To the Rogue Translator: Do Not Wait for the Translation Angel

SOLILOQUY OF THE ROGUE TRANSLATOR

No, I’ve never been jailed for my ideas
      or filmed while exploring an open fish stall
in a skirt-trenchcoat.


However, like Tantalus, I crave elusive fruit –
out of reach – as I set these words on a page –


or like Prometheus, I translate fire
       from one language to kindle


syllable-flames in a fledgling wind.
Someone will be angry


        because I thirst. Someone will ask,
why live in a realm of fiery tongues – of rogue

                       translations.

I shall greet you in your mother tongue
as I mingle in lexical spaces
       with diacritics, acute or grave –


a mystical triptych of integrity, an ethos of labor,
with lavish grace from above.


          Do not wait for me, dear reader,
in this maze of transparencies.

ON THE EXISTENCE OF TRANSLATION ANGELS,
OR AN INTERVIEW WITH A POET AND HER ROGUE TRANSLATOR

Where do you find your inspiration?

Poet: I wait for the translation angel to show up.

Rogue Translator: There is no translation angel.
 

Please explain the meaning of your poem, The Rogue Translator.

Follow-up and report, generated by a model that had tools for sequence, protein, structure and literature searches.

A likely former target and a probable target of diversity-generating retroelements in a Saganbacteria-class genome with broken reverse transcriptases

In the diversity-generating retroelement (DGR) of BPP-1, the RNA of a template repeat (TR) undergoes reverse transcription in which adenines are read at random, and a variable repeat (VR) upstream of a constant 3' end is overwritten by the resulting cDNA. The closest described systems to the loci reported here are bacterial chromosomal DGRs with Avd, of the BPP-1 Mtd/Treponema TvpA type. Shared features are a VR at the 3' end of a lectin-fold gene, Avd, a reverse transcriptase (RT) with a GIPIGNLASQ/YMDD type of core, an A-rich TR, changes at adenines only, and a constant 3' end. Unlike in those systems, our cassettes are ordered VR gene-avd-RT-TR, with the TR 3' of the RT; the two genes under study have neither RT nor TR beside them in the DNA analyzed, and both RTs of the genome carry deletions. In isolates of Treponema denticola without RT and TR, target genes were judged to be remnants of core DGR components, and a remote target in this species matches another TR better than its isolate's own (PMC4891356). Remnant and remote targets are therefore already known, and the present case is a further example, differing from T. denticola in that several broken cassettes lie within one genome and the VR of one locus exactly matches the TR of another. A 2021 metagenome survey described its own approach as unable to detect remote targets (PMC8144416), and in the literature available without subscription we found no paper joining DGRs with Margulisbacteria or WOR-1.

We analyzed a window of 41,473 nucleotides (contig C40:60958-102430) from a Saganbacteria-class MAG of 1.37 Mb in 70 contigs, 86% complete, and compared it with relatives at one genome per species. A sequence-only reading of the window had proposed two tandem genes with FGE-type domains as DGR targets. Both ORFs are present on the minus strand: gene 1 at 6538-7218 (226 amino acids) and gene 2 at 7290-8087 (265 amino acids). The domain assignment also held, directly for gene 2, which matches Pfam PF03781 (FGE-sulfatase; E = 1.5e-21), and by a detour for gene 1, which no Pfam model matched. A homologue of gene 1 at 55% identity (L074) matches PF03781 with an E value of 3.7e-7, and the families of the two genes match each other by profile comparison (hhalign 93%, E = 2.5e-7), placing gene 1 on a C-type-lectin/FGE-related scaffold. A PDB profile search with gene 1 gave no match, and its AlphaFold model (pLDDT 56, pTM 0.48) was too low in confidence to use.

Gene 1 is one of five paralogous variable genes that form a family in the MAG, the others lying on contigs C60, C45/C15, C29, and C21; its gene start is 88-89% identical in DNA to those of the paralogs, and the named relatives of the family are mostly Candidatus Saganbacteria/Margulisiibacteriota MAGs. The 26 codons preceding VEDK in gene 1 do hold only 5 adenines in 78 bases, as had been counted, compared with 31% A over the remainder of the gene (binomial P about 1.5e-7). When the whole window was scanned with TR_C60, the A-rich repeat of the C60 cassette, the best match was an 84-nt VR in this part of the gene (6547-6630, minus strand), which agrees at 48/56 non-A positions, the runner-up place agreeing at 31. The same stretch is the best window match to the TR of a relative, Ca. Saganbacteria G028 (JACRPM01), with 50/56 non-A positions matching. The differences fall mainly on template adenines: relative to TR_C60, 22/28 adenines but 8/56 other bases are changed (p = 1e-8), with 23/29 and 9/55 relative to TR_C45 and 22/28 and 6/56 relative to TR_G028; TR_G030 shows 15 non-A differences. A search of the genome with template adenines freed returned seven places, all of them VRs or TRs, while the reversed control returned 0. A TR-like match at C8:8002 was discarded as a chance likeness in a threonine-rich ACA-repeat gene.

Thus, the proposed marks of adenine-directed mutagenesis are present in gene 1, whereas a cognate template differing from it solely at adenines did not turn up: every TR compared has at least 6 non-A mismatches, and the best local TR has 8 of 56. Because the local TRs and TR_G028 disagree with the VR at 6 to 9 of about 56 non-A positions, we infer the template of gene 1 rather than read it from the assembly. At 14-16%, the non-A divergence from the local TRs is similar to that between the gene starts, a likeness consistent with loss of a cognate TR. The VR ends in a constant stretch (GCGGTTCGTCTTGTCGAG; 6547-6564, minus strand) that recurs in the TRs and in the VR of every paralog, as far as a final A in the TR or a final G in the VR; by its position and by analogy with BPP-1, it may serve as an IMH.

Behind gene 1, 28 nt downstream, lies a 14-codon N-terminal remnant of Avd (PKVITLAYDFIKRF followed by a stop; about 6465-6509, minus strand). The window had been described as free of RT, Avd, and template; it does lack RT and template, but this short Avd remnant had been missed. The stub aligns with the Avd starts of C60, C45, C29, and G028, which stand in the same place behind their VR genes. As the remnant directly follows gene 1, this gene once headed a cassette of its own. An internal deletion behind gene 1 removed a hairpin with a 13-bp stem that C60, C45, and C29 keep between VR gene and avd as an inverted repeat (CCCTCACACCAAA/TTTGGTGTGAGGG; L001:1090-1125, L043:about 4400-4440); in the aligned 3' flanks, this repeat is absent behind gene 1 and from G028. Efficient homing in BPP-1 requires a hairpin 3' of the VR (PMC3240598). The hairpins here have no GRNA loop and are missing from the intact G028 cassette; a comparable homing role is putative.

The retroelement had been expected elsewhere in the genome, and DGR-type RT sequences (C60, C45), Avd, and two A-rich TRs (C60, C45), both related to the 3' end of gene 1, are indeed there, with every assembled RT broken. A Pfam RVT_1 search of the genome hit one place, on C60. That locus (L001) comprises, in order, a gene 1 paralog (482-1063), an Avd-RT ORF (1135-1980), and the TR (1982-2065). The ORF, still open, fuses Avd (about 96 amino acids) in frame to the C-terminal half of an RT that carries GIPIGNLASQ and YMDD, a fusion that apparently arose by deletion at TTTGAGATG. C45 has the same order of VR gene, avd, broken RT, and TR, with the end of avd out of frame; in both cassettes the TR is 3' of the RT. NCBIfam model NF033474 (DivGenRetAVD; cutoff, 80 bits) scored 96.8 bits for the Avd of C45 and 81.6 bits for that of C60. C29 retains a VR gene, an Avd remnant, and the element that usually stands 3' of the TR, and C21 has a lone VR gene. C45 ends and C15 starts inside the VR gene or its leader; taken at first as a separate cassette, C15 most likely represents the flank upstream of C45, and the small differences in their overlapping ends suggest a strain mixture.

Poet: It dances at the limits of cultural dynamism.

Rogue Translator: It satirizes attempts at formal equivalence.


Why did you choose the word, rogue?


Poet:  The notion of bad translation was playing.


Rogue Translator: The translation was delinquent.
 

Please clarify your idea of a good translation.

Poet:  The good translation is not bad. 


Rogue Translator:  The bad translation is not good.


What advice can you offer to novice translators?

Poet:  Pay close attention to music and meaning, not merely syntax.

Rogue Translator:  Never wait for a translation angel

              to render everything transparent. 

EPILOQUE: THE TRANSLATION ANGEL SPEAKS

I shall greet you, my love, in your mother tongue
as I mingle in the spaces among diacritics, acute or grave,
triple-winged: judiciousness, ethic of labor, grace.
Do not wait for me.

Karen An-hwei Lee's recent poetry collections are Phyla of Joy (Tupelo 2012), Ardor (Tupelo 2008), and In Medias Res (Sarabande 2004). She also authored a novel, Sonata in K (Ellipsis 2017). Lee currently lives in San Diego, where she serves in the university administration at Point Loma Nazarene University.